More than half of UK workers do not have access to mental health support at work, a new survey has revealed.
Despite one in six workers suffering from a mental health condition and a rise of reported incidents of mental illness in employees, the poll found that 55.7% of people working in UK businesses don’t have access to mental health support, or even know if their business has policies to support workers with mental illness.
Earlier this month, HSE Network asked a cross-section of more than 1500 workers from various sectors and job roles, across the UK if their workplace had policies for helping staff with mental health. Just 45% said yes, a fifth (21%) said no and 34% said they didn't know.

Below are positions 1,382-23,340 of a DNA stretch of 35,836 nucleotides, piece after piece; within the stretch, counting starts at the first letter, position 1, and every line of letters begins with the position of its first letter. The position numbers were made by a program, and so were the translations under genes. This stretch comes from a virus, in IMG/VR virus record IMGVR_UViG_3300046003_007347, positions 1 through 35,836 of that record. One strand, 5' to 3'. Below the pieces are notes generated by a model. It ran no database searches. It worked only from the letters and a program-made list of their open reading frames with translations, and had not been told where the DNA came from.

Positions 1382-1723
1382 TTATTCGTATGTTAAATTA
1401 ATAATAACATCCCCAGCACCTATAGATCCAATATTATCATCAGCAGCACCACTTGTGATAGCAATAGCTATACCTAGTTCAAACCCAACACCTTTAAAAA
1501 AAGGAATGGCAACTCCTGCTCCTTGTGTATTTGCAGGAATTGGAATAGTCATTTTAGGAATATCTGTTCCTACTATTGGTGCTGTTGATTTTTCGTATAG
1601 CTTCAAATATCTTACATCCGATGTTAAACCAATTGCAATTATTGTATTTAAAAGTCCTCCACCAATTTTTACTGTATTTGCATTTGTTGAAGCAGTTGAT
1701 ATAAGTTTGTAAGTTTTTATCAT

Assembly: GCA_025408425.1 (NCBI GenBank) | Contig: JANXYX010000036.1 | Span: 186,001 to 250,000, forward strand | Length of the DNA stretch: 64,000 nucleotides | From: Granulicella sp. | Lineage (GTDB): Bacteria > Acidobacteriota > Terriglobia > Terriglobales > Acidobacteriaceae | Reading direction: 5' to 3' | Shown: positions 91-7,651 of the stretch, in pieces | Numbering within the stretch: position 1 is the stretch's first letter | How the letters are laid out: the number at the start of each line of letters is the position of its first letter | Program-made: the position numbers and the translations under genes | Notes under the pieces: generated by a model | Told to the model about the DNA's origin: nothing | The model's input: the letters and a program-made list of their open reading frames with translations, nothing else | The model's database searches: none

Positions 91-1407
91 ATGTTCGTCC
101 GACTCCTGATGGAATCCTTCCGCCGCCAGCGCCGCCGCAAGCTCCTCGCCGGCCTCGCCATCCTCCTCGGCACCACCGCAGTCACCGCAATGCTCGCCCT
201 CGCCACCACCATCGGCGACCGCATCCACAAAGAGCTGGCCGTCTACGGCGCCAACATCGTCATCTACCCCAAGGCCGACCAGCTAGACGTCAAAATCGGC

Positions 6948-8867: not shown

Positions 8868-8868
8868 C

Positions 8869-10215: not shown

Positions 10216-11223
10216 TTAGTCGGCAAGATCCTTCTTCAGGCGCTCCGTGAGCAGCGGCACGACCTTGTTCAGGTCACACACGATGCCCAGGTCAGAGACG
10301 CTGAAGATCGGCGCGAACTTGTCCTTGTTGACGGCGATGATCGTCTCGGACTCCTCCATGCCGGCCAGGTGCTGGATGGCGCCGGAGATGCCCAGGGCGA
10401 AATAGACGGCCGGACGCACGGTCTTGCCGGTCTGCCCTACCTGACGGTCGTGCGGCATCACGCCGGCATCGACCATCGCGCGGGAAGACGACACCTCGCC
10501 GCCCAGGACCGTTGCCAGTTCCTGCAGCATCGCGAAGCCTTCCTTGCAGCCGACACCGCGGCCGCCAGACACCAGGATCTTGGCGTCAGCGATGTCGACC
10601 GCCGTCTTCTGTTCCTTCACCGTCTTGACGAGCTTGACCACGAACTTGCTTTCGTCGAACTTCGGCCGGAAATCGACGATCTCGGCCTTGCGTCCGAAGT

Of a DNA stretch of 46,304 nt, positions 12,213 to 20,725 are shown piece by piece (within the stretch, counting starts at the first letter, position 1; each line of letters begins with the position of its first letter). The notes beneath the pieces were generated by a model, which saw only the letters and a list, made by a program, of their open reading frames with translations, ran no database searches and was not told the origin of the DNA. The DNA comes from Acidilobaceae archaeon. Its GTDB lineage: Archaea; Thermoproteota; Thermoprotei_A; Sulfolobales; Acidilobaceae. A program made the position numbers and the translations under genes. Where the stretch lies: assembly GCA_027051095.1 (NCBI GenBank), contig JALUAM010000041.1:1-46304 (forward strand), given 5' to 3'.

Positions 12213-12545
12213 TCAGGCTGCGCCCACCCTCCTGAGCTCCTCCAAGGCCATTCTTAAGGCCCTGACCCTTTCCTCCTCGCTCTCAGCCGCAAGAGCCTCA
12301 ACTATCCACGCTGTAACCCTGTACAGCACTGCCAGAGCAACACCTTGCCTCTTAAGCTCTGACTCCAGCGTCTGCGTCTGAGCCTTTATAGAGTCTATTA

Commenting on the survey results, HSE Network founder Paul Clarke said he sees the problem as a misunderstanding at a fundamental level.
'People who don’t suffer with a mental health problem themselves, don’t always recognise or address it. There is real misunderstanding with mental health. If you have someone with an addiction problem with [alcohol] for example, they can’t just put the drink down. It’s an illness. We don’t have the people in positions of power, from the government level and in certain businesses, who share the right understanding of mental health and mental illness.'
Paul said there is an urgency to address mental health policies in businesses with the added pressures of working during the COVID-19 pandemic. 'Mental health problems are triggered or compounded by remoteness and uncertainty.' Due to this, he believes, mental health impacts in employment are expected to rise.
'There is unhappiness, anxiety, uncertainty and we are often driven by the wrong values, obsessed with status. We need a shift in consciousness and a shift in culture to see a real change to reduce fear, anxiety and stress.'